As part of the DHS, the NPPD was the government entity in charge of physical and cyber-security of federal networks and critical infrastructure, and oversaw the Federal Protective Service (FPS), the Office of Biometric Identity Management (OBIM), the Office of Cyber and Infrastructure Analysis (OCIA), the Office of Cybersecurity & Communications (OC&C), and the Office of Infrastructure Protection (OIP). As CISA, the agency's prerogatives will remain the same, and nothing is expected to change in day-to-day operations, but as a federal agency, CISA will now benefit from an increased budget and more authority in imposing its directives. "Elevating the cybersecurity mission within the Department of Homeland Security, streamlining our operations, and giving NPPD a name that reflects what it actually does will help better secure the nation's critical infrastructure and cyber platforms," said NPPD Under Secretary Christopher Krebs. "The changes will also improve the Department's ability to engage with industry and government stakeholders and recruit top cybersecurity talent."Read Replies (0)
By msmash from Slashdot's unprecedented-reach department
Thu-Huong Ha, writing for Quartz: Amazon's power in books extends way beyond its ability to sell them super cheap and super fast. This year, a little over 40% of the print books sold in the US moved through the site, according to estimates from Bookstat, which tracks US online book retail. (NPD, which tracks 85% of US trade print sales, declined to provide data broken out by retailer.) In the US, Amazon dominates ebook sales and hosts hundreds of thousands of self-published ebooks on its platforms, many exclusively. It looms over the audiobook scene, in retail as well as production, and is one of the biggest marketplaces for used books in the US. Amazon also makes its own books -- more than 1,500 last year.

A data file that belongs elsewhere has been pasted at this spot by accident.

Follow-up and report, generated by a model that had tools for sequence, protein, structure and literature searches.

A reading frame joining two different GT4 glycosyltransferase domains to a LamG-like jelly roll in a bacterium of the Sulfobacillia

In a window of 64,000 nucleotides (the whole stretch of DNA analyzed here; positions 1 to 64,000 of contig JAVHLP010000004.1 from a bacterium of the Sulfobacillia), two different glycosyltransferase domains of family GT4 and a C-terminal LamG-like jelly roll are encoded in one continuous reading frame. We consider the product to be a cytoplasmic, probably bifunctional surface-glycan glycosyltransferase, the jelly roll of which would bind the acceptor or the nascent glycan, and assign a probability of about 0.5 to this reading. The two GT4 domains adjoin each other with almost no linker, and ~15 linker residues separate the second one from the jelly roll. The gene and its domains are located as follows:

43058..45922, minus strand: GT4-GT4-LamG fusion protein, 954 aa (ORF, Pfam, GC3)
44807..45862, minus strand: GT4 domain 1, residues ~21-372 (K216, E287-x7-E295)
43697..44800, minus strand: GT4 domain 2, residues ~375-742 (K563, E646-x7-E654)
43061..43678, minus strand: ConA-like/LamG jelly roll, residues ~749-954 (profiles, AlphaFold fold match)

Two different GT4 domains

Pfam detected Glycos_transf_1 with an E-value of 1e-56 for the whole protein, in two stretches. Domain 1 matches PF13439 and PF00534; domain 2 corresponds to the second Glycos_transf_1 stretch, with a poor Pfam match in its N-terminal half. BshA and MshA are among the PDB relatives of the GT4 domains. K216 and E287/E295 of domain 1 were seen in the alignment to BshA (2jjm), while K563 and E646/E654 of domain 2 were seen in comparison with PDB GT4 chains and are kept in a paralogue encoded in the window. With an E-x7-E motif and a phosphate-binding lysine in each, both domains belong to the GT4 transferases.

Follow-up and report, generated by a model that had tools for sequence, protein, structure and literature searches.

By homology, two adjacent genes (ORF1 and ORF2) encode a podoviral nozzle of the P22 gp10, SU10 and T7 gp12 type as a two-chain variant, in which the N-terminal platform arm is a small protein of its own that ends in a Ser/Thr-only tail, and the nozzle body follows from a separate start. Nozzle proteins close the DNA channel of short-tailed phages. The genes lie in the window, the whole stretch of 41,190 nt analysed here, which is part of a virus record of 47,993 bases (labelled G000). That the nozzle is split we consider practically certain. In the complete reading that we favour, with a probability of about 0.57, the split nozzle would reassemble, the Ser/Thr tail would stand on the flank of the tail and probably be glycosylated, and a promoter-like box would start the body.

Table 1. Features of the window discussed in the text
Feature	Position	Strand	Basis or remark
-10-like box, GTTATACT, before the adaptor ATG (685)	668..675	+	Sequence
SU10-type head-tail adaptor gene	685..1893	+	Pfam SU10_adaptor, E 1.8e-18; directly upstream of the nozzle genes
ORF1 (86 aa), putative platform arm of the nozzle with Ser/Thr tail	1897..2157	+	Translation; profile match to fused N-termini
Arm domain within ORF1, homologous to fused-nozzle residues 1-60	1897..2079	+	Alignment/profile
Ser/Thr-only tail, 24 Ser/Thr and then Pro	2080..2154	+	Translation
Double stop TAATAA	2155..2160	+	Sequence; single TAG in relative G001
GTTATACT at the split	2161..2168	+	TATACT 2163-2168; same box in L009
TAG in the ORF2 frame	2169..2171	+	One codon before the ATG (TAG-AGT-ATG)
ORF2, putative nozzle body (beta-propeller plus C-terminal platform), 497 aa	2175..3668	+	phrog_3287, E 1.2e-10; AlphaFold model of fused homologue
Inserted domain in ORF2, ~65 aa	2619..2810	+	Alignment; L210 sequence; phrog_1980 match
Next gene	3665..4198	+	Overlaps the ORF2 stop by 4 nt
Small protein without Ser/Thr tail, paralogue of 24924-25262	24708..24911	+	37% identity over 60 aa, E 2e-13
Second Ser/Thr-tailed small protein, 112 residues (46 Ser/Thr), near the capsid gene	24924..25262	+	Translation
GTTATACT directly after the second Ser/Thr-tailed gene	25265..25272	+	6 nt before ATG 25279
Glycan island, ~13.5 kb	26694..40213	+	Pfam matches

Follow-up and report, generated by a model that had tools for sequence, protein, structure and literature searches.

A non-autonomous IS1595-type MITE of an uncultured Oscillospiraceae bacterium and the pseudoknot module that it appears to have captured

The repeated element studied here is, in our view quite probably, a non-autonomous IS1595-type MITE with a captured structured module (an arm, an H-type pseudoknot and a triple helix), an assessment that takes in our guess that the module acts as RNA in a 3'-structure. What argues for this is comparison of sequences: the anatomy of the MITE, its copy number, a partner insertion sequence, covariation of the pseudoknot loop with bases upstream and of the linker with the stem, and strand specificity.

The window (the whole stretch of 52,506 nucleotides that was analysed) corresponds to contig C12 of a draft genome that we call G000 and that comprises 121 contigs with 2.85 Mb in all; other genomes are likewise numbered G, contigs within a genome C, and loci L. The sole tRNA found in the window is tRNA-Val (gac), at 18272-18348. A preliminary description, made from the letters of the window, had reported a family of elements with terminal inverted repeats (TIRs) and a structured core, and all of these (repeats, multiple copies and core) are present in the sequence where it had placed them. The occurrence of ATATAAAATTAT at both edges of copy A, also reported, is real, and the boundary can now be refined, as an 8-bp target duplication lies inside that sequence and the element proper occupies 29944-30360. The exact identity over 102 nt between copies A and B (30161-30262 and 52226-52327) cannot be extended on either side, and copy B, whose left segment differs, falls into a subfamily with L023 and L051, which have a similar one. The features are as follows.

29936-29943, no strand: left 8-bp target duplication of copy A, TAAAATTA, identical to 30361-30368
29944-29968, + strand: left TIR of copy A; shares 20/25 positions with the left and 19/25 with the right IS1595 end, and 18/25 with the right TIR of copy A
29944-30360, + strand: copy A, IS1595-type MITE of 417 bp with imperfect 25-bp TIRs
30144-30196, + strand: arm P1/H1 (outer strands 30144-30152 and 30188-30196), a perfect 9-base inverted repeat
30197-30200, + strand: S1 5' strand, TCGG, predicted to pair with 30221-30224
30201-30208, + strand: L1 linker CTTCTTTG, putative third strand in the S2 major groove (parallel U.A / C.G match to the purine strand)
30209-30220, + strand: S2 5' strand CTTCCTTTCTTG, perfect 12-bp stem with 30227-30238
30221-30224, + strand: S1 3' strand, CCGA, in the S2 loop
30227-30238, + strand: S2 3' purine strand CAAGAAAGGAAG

All that power comes with great data, which Amazon's publishing arm is well positioned to exploit in the interest of making books tailored exactly to what people want -- down to which page characters should meet on or how many lines of dialogue they should exchange. Though Amazon declined to comment specifically on whether it uses data to shape or determine the content of its own books, the company acknowledged that authors are recruited for their past sales (as is common in traditional publishing). "Amazon Publishing titles are thoughtfully acquired by our team -- made up of publishing-industry veterans and long-time Amazonians -- with many factors taken into consideration," says Amazon Publishing publisher Mikyla Bruder, "including the acquiring editor's enthusiasm, the strength of the story, quality of the writing, editorial fit for our list, and author backlist/comparable titles' sales track."
< article continued at Slashdot's unprecedented-reach department
>Read Replies (0)